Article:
What You Don’t Have

It’s Tuesday night and I’ve given up wrestling with words for the day. I’m tired and hungry. I toy with the idea of picking something up from a local restaurant but that costs money. So I decide to cook something for myself.

Before indulging in any culinary endeavourers, however I decide to take Buster for his evening constitutional around the block. As I stamp my feet and shiver in the cold evening air I tell myself for the thousandth time that this is when owning a dog, even a part time one, sucks. But as I watch Buster pee on my neighbor’s browning lawn I feel sorry for him too. Doing your business in public with the wind chill hovering around zero is no picnic either. Fresh from the groomer Buster’s normally insulative coat’s been shorn and he’s shivering mightily. Luckily for both of us it’s a short walk.

When I get back inside my house I take stock of my larder. Because I haven’t been food shopping in weeks it’s in a sorry state. I have half an onion, a garlic bulb of dubious quality, a can of chopped clams, some chicken broth and half a box of linguini. It’s enough.

I put a pot of water to boil, salt it and mix myself a vodka and tonic. As I wait for the water to bubble I take my drink into the living room and watch CNN. After I learn everything I want to know about terrorists with explosive underwear I check on the water. It’s at a rolling boil.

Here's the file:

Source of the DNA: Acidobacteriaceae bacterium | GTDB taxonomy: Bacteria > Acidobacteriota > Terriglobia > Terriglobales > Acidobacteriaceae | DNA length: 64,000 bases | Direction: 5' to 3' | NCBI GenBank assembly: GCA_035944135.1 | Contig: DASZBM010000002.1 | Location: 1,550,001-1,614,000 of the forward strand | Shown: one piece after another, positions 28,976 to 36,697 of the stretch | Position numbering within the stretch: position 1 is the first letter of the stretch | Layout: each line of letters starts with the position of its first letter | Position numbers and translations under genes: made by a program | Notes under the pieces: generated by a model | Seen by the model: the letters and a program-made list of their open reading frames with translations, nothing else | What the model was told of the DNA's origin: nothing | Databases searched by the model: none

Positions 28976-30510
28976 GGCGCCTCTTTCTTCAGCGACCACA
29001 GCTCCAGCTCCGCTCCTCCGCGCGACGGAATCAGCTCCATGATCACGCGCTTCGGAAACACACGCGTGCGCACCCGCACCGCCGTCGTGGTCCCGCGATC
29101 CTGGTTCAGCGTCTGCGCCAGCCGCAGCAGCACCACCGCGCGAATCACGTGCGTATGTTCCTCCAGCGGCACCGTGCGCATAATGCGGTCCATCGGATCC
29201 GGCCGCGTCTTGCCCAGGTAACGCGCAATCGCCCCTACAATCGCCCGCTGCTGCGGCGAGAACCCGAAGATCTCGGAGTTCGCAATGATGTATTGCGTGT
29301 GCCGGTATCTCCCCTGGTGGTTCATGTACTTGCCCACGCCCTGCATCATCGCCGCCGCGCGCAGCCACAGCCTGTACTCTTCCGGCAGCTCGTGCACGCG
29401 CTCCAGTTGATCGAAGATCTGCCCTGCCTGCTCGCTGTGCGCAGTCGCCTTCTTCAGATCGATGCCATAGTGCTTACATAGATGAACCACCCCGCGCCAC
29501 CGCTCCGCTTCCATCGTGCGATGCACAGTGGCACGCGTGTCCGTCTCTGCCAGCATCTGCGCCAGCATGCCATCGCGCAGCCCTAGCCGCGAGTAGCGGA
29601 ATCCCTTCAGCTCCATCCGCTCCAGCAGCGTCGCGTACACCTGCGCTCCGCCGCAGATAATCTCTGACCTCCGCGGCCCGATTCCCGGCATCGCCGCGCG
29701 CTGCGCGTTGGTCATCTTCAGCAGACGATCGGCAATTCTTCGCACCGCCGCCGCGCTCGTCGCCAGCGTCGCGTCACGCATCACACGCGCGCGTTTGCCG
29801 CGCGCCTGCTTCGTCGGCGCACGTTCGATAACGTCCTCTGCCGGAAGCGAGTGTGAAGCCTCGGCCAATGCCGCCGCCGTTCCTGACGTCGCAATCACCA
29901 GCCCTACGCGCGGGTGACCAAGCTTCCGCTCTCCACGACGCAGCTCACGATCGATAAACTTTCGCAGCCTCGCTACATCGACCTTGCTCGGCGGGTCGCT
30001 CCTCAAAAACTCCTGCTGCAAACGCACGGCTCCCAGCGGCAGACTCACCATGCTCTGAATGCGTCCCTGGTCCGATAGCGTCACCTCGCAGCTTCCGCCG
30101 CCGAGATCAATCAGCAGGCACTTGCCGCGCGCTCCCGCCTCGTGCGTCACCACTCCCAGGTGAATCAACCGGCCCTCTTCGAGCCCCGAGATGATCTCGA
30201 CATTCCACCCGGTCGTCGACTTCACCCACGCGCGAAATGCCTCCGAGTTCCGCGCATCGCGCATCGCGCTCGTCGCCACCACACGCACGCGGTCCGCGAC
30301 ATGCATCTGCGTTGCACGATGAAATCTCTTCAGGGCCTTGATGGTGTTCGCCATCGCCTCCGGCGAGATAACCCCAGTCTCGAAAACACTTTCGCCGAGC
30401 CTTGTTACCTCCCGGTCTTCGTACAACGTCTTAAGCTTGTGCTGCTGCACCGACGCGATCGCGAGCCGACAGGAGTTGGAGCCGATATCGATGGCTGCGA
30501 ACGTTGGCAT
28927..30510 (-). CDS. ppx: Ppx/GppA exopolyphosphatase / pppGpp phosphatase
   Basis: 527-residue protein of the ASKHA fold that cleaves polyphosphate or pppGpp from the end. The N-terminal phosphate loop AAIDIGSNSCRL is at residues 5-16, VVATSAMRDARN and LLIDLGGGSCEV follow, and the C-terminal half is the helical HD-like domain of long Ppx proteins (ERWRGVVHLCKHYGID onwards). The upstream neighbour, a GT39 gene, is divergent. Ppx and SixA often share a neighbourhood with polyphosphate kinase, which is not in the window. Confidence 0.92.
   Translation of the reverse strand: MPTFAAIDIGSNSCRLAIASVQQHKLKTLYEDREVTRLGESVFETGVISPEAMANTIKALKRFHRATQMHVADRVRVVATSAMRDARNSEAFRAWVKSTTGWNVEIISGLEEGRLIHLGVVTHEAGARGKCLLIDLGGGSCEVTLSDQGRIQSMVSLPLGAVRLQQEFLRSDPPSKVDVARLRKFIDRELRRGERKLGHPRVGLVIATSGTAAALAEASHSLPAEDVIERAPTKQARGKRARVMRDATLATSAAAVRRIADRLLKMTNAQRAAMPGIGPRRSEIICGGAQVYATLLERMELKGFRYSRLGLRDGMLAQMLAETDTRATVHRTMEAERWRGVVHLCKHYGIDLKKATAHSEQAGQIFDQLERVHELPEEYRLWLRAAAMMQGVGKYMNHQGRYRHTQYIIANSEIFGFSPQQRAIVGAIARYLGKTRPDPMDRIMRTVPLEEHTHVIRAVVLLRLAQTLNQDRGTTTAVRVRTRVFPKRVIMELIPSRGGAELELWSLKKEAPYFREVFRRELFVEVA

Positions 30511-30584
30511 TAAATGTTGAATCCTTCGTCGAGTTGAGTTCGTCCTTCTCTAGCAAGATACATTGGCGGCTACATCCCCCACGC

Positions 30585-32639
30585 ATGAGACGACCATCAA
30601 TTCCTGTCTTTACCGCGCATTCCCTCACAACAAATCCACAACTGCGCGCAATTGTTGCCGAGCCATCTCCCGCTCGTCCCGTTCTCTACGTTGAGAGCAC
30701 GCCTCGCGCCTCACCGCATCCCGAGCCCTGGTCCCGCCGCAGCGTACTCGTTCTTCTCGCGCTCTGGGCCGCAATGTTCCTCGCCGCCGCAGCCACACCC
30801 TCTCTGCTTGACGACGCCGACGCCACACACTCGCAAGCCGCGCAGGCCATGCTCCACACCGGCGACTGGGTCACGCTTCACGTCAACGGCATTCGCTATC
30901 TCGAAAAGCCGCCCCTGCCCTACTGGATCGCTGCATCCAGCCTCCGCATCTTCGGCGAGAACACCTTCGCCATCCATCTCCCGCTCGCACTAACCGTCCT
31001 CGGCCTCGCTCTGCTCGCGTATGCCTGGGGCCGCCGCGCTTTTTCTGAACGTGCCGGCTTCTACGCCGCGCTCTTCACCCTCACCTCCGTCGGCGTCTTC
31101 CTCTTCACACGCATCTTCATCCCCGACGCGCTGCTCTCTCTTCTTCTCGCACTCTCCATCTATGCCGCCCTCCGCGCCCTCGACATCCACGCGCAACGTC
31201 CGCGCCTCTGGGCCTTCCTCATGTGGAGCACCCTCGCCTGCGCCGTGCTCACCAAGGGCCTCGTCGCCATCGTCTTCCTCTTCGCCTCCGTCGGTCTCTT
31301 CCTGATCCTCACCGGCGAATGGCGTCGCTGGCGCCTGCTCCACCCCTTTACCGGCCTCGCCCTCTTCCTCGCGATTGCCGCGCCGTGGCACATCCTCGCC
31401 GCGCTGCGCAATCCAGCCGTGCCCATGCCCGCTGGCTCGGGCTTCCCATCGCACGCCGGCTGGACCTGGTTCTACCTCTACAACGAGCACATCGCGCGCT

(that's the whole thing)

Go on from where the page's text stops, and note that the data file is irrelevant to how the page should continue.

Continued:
My drink’s finished so I fix myself another one. Then I chop up the onion and clove of garlic and put a wok on high heat. I drop a few finger drops of water into the wok and when they hiss and skitter across the hot metal I know it’s ready for a generous shot of olive oil. I toss in the onions and as they soften I throw in some dried red pepper, the garlic and push everything around with a wooden spoon. Then I dump in a half a can of chicken broth. White wine would be better for my purposes but I don’t have any. Improvise and adapt.

When the chicken broth’s reduced to about half I drop the linguine into the boiling water. Then I work open the can of chopped clams and squeeze the liquid into the wok. As the clam juice bubbles I stir it slowly. Sauces are basically a reduction of whatever liquid you decide to heat. You can cook down champagne, beer – even Gatorade if you want to. After the clam broth boils for a bit I toss in the chopped clams. Littlenecks would have been nice. Manila clam would have been even better. But I have what I have to work with.

Enticed by the aromas coming from the pan Buster walks into the kitchen. As he looks at me panting, I smile. I once read cooking is something you do for your family. But when you’re alone you sometimes have to treat yourself like family. And now that my apartment’s redolent with the smell of food it feels more like a home than a box where I hang my hat.

When the linguini is close to al dente I drain it, toss it into the wok and let it finish cooking in the clam sauce. After a minute I toss in some dried parsley, black pepper, give it one more stir and empty the contents of the wok into bowl. Then I sprinkle it with the last of my Parmesan cheese. I know that’s a no-no with seafood but I like it that way. Then I freshen my drink and take my poor man’s linguine white clam into the living room. A sommelier would be aghast at my beverage pairing. But after two drinks vodka goes with just about everything.